As a final step in the content strategy process, put yourself in the shoes of the typical end-user employee. It might be difficult, but keep that employee audience in mind and try your hardest to see the forest through the trees. This will help ensure an intranet experience that is relevant, engaging and becomes a practical and useful tool for employees.
Related Article: Your Intranet is the Core of Your Employees’ Experience. Build it Right
Take a step back and look at all of your content, again from 30,000 feet above. You will likely have a significant amount of “Need to Know” content, the information employees need to access in order to do their jobs and live their lives. This will most likely include content from your Pages & Information and Services & Tools buckets.
But you also want to make sure you have a good amount of “Nice to Know” content to engage with your workforce. Do you showcase content that furthers the mission, vision and values of your organization? Does the content that will eventually become part of your intranet highlight the great things taking place in your company, as well as the great work your employees are doing? Is there a place in your intranet where employees can go to feel good, or just for a smile?
How does your content look with this in mind? If less than 30% of your content is Nice to Know, you might want to reevaluate why, and maybe go back to Step 1 (do not pass Go).
One last thought: What is really going to ensure that employees come to and use the intranet on a daily basis? We might think they'll come to read about the latest and greatest news item, but we would probably be kidding ourselves. The reality is, employees will use a communications solution like an intranet because it provides them with something of value, that is important to them, and makes their lives easier or better — whether for work or personal reasons. We therefore need to provide them with something that does that..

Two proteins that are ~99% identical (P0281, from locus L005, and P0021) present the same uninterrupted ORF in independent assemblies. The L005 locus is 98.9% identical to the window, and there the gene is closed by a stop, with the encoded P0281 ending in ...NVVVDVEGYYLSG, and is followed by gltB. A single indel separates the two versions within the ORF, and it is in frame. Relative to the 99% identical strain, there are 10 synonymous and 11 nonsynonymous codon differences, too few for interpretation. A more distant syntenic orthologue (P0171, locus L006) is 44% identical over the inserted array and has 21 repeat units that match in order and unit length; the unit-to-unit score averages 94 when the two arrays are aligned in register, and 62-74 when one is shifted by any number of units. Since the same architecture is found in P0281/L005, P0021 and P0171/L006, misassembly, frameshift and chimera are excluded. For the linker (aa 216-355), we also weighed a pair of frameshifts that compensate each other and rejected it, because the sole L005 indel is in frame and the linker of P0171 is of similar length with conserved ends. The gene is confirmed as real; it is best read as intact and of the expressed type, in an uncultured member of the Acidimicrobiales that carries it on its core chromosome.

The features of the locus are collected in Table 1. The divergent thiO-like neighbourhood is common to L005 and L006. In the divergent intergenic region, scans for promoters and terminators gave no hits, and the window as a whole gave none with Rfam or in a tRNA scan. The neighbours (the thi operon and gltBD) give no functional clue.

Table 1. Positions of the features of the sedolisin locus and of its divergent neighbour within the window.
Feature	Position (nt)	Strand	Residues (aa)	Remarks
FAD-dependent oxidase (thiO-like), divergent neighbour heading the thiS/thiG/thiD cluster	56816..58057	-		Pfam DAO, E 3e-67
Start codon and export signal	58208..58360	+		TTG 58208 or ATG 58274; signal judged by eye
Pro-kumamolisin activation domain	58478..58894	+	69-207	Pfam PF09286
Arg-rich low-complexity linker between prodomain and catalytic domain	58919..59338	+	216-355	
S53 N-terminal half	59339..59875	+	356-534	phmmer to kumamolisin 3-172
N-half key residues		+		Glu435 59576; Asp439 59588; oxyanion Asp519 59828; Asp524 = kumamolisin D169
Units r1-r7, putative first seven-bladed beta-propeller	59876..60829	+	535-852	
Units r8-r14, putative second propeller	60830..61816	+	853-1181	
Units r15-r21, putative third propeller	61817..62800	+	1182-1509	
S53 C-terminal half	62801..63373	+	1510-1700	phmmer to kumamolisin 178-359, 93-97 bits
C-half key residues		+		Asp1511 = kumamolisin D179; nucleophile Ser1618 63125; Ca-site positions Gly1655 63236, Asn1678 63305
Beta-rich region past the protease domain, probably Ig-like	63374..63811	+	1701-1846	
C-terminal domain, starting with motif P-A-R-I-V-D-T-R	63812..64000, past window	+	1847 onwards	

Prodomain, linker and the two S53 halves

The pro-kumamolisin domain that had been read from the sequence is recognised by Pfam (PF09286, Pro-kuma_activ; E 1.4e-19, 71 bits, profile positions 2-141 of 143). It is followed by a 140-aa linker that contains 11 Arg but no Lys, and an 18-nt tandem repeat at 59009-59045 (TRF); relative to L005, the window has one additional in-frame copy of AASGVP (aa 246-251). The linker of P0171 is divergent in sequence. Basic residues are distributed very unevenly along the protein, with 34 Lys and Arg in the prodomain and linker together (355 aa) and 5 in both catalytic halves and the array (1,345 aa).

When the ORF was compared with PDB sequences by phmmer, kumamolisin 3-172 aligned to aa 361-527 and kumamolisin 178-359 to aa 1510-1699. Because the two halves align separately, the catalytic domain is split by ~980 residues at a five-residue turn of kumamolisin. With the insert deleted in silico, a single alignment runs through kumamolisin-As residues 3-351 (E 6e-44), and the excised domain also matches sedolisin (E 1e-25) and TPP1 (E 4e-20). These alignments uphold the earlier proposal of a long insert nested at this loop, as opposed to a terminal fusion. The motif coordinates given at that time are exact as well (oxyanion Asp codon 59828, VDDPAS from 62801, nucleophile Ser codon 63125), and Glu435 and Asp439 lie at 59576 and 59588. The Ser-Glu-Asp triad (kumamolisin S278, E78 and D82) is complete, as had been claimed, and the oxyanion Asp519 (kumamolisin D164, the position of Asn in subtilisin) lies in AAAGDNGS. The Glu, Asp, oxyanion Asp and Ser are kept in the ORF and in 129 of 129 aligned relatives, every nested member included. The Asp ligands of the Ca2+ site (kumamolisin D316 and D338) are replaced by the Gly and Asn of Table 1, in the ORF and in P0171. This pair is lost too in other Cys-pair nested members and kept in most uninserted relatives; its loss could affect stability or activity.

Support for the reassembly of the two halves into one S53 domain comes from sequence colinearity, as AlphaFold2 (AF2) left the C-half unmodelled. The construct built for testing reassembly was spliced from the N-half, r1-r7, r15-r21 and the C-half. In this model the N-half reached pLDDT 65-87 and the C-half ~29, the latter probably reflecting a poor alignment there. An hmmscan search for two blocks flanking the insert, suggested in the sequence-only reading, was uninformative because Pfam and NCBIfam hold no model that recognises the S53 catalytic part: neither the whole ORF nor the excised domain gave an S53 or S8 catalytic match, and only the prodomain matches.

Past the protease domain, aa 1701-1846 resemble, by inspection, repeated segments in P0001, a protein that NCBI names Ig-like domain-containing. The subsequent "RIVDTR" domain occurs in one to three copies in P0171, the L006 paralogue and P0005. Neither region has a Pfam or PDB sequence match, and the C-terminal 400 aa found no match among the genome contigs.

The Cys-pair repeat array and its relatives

This “something” is what I refer to as “Anchor” content. Much as the anchor store in a shopping center drives traffic to the other stores just from proximity, so too does anchor content drive traffic on intranets. Give employees a practical reason — a pay portal, shift scheduling tool, or other vital service — to use the platform, and they will be surrounded by and exposed to all the other content your organization wants them to see, read and know about.
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About the Author
Jeff Corbin has worked as a communications consultant for more than 20 years. Passionate about transforming internal communications through the use of technology, he was the founder and CEO of APPrise Mobile where he pioneered the use of mobile technology in the United States with respect to a new category of technology — employee apps. Connect with Jeff Corbin: